Hip dysplasia, a malformation of the hip joint resulting in a poor fit between the head of the femur bone and the hip socket. This condition can be alleviated by surgery, at some cost to dog and owner. Because dysplastic dogs often produce dysplastic puppies, buyers should ask if both the sire and the dam of the puppy in which they are interested have been rated clear of hip dysplasia. Do not take yes for an answer without seeing a certificate, and ask for a copy to take to your veterinarian.

    Von Willebrand’s Disease (vWD) – is an autosomally (not sex-linked) inherited bleeding disorder with a prolonged bleeding time (somewhat similar to hemophilia in humans) and a mild to severe factor IX deficiency. A DNA test for vWD is now available. Carrier-to-carrier breedings, in theory, will produce puppies that are 25% clear, 50% carriers, and 25% affected. Ideally, only clear-to-clear or clear-to-carrier should occur, so that no puppies will be affected. Not all dogs that are vWD affected will have severe bleeding problems, but they ARE at risk whenever they need to have surgery or have an accident. Some unlucky affected dogs will actually bleed out from a needle stick or minor wound.

    Hypothyroidism, an endocrine disease that results in the abnormally low production of thyroid hormones. The symptoms of hypothyroidism include lethargy, mental depression, weight gain and a tendency to seek out warm places. Hypothyroidism can also affect the coat and skin, causing hair loss and excessive dandruff.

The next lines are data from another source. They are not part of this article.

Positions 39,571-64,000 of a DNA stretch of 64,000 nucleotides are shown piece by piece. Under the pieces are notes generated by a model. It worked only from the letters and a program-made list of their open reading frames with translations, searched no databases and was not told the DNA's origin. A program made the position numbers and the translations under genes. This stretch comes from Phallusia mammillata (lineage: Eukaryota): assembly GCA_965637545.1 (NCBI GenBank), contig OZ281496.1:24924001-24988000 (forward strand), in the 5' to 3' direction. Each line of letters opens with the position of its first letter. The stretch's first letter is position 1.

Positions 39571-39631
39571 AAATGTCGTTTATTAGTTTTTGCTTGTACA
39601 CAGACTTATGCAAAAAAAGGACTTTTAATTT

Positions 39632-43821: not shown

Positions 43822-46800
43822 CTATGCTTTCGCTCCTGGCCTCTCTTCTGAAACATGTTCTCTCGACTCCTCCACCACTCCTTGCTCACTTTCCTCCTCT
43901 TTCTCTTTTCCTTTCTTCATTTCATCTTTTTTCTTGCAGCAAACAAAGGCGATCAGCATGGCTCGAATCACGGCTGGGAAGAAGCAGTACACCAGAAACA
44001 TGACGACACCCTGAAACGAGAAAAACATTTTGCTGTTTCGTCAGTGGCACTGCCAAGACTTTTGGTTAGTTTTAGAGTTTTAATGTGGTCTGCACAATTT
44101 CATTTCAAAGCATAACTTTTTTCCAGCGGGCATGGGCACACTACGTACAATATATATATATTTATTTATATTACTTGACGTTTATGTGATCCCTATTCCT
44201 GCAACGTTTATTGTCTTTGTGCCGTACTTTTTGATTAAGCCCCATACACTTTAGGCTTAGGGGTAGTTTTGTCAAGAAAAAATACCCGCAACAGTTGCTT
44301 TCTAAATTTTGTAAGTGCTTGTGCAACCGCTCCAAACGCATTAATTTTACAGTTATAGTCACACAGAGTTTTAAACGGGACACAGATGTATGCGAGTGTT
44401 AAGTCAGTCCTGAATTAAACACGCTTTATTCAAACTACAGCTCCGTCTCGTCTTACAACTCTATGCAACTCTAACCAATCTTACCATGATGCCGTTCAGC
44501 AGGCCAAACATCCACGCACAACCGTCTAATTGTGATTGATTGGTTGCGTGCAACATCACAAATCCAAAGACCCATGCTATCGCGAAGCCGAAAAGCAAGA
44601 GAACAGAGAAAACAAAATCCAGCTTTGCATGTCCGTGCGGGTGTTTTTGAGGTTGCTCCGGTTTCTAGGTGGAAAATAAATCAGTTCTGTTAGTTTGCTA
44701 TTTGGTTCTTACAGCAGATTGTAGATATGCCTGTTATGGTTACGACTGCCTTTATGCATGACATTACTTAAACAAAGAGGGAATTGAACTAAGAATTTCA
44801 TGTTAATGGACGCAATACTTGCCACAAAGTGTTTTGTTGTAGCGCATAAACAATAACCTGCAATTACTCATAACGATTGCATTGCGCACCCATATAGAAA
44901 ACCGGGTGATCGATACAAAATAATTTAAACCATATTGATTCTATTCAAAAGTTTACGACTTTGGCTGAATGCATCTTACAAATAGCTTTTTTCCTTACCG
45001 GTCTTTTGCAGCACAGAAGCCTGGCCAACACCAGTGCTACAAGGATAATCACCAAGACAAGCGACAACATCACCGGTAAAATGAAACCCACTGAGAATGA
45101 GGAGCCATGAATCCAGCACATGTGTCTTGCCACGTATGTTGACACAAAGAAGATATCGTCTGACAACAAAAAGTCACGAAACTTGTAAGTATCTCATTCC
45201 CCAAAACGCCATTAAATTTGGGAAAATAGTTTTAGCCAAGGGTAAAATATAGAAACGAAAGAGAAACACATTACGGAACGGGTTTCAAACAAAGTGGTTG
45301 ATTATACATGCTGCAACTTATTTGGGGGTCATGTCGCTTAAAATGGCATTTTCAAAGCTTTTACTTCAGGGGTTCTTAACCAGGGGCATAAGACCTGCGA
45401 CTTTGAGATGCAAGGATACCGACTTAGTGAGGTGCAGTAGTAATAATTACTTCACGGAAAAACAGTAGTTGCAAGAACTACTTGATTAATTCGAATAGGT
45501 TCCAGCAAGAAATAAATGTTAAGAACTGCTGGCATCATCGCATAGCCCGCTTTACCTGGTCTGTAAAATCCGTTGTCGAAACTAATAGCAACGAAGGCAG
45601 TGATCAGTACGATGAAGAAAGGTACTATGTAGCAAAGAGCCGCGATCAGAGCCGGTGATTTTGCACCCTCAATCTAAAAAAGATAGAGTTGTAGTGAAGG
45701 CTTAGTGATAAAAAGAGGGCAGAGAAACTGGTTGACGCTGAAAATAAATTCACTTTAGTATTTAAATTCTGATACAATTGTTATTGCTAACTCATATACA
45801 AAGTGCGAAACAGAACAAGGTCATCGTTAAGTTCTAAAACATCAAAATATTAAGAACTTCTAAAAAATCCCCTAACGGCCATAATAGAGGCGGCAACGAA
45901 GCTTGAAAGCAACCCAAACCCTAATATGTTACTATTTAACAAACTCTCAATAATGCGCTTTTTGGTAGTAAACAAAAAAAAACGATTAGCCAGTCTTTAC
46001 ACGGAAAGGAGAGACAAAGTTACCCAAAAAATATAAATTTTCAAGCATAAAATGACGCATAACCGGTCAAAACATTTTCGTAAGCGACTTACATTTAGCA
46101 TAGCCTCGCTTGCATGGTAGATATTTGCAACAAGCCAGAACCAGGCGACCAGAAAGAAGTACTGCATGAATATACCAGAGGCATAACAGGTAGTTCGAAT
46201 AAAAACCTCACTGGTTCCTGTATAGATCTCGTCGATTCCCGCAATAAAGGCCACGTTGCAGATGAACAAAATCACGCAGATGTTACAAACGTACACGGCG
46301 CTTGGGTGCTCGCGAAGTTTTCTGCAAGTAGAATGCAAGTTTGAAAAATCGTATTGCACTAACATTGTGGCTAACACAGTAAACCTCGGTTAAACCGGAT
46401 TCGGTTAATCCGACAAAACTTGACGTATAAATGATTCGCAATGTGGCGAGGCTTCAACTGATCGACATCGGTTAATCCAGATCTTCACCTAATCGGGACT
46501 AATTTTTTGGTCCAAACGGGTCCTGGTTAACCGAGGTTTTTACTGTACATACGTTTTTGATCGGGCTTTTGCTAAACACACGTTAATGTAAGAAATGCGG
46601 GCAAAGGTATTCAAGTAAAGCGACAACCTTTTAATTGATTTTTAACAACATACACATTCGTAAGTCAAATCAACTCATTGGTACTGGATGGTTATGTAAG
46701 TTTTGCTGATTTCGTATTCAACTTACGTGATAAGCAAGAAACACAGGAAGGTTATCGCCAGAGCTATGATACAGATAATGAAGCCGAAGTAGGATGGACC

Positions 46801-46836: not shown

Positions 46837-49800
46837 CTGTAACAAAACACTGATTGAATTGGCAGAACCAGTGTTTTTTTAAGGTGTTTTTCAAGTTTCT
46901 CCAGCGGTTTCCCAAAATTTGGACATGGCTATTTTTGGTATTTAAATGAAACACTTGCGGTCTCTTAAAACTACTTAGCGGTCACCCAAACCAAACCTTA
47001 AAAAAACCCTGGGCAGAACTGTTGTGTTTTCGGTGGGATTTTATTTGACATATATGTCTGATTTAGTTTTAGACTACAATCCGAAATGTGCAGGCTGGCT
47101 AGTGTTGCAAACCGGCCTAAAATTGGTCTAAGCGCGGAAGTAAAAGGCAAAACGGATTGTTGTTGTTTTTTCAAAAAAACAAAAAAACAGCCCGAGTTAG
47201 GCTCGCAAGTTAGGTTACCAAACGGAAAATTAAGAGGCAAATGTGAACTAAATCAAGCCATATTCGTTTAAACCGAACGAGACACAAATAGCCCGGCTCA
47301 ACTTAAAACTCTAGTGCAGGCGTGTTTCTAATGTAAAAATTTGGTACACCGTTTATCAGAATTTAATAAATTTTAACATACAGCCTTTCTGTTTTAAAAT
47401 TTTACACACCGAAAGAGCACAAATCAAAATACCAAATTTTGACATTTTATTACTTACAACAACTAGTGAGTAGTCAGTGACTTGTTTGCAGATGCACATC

Epilepsy: is a seizure disorder which has been found in this breed. Seizures vary between a far-away look or twitching in one part of the face to your pet falling on his side, barking, gnashing his teeth, urinating, defecating and paddling his limbs. Seizures usually appear suddenly and end spontaneously, and can last from seconds to minutes. The disorder has no known cause, however it is important for your veterinarian to determine your pets general health and make sure there is no underlying disease that may be causing the seizures. Treatment can include anticonvulsant medications. Always ask your vet for advice.

    Shetland Sheepdog History
    The Shetland Sheepdog originated in the Shetland Islands off the Northeast coast of Scotland. The job of this breed was to herd small flocks of sheep. Living conditions on this little island were very harsh and the shepherd needed a dog that was intelligent, courageous, hardy, loyal, obedient and gentle with an all-weather coat since he had to work in rain and snow and varying extremes of temperature.

    Shelties are thought to descend from an Icelandic breed called the Yakkie, (which was brought to the Shetland Islands by whaling fleets), the Norwegian Buhund and the small collie. Some theories also include the king charles spaniel breed The original this breed was known as the Shetland Collie and was not supposed to exceed 12 inches nor 14 pounds according to the Shetland Stud book set up in 1908. As the Shelties were bred in Scotland and England, the collie breeders objected to the name and it was changed to the Shetland Sheepdog and so remains today.